By Lethbridge Herald on October 7, 2020.
The Lethbridge Military Museum held a special unveiling ceremony on Tuesday for two distinct displays honouring local veterans, both past and present.
For the first display, invited guests and local media were on hand to celebrate a new courtyard memorial made up of distinctively coloured bricks to create a mural of sorts in the shape of a poppy for remembrance. The new mural, surrounded by different eras of artillery guns in honour of Lethbridge’s current artillery members of the 20th Independent Field Battery and the city’s close military association with artillery units in the past, will be the first thing visitors now see when they arrive at the museum.
The donated bricks which make up the mural memorialize various men, women and even animals who have served from Lethbridge in the past.
Lethbridge Military Unit Senate Association president and Honourary Lieutenant Colonel of 20th Independent Field Battery Rick Casson said the new mural will create a lasting focal point for understanding local military history at the Lethbridge Military Museum for many years to come.
“There is the poppy in the middle, and we all know what the poppy means to Canada,” he said. “It means remembrance, and the bricks can be purchased, and some of the money from the purchase goes to help fund the museum. Veterans, friends and family, whoever you’d want to put in here to remember them, you can do that. As you can see, we are getting it filled up pretty quickly.”
Casson said Lethbridge was fortunate to have this remarkable little military museum here in southern Alberta, and he hoped many would come by as local veterans and current serving military personnel get set to mark the upcoming Days of Remembrance.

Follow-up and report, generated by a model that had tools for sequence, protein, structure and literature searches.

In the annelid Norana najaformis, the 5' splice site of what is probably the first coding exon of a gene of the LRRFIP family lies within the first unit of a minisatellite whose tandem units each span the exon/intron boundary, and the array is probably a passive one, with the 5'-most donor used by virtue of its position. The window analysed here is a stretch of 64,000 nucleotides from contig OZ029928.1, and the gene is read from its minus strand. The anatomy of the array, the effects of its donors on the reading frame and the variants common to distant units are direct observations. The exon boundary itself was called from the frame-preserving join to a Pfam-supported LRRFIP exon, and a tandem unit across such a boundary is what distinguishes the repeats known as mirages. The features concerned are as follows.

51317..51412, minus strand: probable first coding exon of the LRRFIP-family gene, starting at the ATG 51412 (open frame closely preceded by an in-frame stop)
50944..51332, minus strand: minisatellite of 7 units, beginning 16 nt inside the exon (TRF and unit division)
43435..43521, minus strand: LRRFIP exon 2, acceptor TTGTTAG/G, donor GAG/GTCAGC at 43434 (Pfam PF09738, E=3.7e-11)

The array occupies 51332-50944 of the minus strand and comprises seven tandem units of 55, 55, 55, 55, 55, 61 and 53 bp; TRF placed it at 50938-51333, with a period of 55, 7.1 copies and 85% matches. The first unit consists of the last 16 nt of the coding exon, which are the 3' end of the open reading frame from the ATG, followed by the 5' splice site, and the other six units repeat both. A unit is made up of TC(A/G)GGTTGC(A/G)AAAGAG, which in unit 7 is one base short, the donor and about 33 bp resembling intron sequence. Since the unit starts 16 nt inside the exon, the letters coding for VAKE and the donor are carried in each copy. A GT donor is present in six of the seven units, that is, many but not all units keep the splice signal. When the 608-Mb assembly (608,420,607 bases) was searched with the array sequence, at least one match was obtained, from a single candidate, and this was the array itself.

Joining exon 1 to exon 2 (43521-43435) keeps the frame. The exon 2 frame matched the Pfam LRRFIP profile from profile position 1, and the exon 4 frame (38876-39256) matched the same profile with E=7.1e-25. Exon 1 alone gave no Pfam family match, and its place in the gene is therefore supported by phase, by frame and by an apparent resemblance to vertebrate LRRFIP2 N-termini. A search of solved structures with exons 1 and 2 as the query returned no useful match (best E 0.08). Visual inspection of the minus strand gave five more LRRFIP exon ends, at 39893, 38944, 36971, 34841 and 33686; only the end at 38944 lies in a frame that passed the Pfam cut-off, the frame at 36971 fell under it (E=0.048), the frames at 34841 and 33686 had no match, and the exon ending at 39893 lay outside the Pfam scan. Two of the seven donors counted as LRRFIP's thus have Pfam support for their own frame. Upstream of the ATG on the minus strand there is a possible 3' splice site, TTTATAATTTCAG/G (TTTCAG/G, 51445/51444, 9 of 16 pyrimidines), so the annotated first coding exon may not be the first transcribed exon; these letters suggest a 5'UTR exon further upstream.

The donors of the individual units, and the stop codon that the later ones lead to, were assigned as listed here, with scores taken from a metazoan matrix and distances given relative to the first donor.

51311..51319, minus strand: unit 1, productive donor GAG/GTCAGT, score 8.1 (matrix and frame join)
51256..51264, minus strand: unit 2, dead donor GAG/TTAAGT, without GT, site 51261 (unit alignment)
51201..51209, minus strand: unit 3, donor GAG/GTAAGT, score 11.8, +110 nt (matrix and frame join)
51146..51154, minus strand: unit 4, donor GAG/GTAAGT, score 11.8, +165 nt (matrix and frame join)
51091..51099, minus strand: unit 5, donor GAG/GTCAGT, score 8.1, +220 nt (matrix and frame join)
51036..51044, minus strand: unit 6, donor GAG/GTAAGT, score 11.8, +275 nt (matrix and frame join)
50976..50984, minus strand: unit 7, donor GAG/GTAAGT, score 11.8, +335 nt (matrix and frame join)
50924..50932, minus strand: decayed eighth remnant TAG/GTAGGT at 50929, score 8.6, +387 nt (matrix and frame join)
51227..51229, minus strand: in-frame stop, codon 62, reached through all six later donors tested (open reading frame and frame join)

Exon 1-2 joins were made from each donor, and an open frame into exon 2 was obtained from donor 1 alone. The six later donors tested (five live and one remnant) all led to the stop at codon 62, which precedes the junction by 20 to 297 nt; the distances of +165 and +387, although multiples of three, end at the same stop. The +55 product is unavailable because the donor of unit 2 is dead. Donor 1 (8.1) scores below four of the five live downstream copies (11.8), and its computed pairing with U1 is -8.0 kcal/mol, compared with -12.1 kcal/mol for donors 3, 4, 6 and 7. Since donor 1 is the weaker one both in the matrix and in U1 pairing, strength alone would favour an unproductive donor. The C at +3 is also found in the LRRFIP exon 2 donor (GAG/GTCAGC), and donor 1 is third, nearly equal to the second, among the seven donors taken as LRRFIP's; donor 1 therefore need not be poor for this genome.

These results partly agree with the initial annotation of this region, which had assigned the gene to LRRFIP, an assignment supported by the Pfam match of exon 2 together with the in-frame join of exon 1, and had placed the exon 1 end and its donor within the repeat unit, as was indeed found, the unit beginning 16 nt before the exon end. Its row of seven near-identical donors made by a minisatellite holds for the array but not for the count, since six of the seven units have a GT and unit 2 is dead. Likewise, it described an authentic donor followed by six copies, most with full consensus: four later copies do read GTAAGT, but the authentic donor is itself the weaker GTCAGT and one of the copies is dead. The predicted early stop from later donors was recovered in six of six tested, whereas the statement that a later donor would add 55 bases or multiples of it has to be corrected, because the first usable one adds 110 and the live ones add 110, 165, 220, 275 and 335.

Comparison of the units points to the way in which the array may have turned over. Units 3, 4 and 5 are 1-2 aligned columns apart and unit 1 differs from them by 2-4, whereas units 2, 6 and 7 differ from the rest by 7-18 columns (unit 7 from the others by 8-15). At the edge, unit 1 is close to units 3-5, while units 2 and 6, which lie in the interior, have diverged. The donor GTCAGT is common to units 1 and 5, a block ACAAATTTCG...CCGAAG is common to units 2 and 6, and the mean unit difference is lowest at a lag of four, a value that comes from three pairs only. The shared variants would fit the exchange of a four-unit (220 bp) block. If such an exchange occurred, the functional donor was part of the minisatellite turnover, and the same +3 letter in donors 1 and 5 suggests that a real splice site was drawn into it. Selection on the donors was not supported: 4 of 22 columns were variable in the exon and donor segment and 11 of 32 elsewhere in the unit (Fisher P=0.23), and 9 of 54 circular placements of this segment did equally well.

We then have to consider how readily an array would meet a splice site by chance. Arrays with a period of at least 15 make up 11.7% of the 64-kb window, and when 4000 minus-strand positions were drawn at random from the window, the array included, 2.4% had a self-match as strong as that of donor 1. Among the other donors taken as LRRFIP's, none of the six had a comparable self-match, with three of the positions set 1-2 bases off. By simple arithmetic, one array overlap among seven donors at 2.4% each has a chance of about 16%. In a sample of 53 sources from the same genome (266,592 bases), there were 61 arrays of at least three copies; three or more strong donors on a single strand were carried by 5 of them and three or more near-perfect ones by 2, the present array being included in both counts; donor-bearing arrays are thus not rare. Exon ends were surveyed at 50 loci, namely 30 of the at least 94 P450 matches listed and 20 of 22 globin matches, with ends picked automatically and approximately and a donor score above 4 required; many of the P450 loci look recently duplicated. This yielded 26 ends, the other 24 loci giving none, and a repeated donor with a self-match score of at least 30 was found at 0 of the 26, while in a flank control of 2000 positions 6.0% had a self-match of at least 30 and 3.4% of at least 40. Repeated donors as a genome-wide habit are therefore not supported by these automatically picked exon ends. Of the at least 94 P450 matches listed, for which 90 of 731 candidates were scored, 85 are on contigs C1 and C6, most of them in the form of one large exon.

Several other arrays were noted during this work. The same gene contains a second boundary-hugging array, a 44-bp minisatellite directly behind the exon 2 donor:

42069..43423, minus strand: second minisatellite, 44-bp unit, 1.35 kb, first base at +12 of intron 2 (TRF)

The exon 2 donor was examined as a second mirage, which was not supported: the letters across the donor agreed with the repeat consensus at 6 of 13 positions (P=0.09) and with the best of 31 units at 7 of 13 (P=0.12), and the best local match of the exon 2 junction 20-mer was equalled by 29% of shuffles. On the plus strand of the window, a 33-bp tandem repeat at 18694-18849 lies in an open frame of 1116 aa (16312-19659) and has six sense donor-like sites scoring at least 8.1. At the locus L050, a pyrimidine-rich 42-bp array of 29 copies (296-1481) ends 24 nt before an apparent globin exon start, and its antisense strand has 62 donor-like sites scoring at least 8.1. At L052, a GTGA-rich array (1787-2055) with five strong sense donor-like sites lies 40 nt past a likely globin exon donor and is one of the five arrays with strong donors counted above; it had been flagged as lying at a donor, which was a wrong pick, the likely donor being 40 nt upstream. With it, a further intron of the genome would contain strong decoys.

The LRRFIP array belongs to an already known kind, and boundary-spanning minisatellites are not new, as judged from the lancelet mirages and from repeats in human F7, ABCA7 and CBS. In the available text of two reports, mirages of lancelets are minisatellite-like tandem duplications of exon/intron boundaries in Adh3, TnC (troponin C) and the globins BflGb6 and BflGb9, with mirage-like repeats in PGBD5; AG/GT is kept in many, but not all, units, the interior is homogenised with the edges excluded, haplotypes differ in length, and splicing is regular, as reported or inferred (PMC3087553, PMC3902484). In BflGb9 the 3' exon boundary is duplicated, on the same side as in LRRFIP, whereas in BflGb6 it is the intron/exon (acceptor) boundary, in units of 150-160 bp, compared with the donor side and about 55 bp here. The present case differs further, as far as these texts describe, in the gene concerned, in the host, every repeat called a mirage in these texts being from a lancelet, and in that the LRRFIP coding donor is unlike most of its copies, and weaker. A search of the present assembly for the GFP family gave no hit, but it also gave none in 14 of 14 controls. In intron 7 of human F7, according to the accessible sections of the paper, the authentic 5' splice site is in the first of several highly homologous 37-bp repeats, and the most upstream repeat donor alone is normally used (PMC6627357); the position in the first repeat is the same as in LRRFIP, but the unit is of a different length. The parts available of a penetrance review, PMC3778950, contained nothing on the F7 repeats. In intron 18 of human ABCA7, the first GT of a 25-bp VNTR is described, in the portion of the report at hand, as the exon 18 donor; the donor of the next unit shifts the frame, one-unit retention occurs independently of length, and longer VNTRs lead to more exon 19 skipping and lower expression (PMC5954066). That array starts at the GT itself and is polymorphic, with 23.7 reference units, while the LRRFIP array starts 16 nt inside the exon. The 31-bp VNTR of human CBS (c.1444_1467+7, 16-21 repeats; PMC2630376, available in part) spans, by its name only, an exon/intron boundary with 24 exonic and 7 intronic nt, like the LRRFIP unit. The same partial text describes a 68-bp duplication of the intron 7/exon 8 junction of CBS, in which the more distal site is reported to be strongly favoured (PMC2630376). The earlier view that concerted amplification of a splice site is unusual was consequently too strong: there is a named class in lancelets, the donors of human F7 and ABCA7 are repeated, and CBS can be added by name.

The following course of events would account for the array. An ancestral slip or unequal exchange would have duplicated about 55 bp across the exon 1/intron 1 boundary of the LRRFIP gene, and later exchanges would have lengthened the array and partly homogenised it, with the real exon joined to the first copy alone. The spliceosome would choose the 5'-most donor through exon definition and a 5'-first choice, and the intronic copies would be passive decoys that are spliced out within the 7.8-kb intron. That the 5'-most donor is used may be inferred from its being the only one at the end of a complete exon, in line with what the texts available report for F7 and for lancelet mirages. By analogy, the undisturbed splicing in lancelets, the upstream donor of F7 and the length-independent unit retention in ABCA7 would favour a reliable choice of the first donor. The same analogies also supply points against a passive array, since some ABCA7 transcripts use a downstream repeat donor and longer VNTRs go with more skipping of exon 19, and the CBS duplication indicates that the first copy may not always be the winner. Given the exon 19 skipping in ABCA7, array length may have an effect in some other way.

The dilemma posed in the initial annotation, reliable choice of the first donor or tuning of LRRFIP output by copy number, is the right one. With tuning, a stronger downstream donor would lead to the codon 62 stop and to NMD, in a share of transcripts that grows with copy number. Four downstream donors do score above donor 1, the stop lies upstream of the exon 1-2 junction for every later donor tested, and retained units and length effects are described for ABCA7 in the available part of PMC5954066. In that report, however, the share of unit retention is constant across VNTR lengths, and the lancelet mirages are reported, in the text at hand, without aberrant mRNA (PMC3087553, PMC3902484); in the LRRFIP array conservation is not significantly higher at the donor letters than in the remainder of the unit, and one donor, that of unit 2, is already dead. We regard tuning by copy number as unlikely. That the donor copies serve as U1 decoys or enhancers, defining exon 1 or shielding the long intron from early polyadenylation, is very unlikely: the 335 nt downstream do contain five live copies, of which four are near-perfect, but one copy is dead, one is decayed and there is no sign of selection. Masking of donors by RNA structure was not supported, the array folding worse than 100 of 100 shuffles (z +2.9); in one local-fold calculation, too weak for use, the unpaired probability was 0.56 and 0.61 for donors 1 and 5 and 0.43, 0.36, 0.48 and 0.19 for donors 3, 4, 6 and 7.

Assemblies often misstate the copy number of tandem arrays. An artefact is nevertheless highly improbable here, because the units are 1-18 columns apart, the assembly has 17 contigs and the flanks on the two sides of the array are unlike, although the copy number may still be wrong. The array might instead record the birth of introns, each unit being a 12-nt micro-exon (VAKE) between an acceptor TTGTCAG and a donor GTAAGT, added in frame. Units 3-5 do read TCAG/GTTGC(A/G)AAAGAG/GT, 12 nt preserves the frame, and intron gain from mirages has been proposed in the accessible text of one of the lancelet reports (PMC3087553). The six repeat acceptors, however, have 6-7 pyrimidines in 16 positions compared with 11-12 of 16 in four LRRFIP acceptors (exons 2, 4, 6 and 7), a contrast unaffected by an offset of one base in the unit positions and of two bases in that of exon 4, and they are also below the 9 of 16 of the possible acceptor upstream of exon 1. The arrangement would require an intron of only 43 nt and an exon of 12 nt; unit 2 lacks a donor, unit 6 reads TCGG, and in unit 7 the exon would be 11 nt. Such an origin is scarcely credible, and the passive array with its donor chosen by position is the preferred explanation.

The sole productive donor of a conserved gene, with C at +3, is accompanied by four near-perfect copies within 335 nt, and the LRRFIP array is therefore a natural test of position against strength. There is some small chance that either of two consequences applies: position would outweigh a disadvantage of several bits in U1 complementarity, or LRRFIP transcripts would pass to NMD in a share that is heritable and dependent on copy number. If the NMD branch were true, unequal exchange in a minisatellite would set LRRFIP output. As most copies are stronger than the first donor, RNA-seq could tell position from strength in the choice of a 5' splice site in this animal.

“If you want to get a feeling of appreciation for the lifestyle we get to lead there is a record in this museum of the men and women who helped create that,” he said. “The sacrifices made. The call to arms, and thousands upon thousands of Canadian men and women not coming home.”
Another special unveiling held at the museum on Tuesday was a temporary display constructed by local miniaturist Brett Devos to mark the 75th anniversary of the Liberation of the Netherlands by Canadian soldiers in the Second World War on May 4, 1945.
The model is a scale replica of the Battle of the Walcheran causeway, a heavily fortified spit of land held by the Germans which was absolutely key to winning the overall Battle of the Scheldt, and thus to the eventual liberation of the Port of Antwerp in Belgium and then the entire nation of the Netherlands.
Honourary Consul to the Netherlands for South Alberta Irene Bakker helped unveil the model, which will be on display throughout the Days of Remembrance at the museum.
Bakker said the Dutch will always remember and honour the sacrifices of the Canadian soldiers who freed her country from the tyranny of the Nazis. Over 7,600 Canadian soldiers lost their lives during the Liberation.
She also reminded those in attendance it was this sacrifice made by these brave Canadians which forged an abiding bond between the Netherlands and Canada to this day, and which has directly led to the ongoing migration of hundreds of Dutch families to southern Alberta since the war ended.
“We still pay honour to the Canadians that died, especially at the war cemetery in Holten where many Canadians lay buried,” she said. “School children come every year to put flowers on May 4 at the graveyard, and every time the Canadians come to the Netherlands the Dutch people will hug them and say, ‘Thank you very much, Canada, for the Liberation.”
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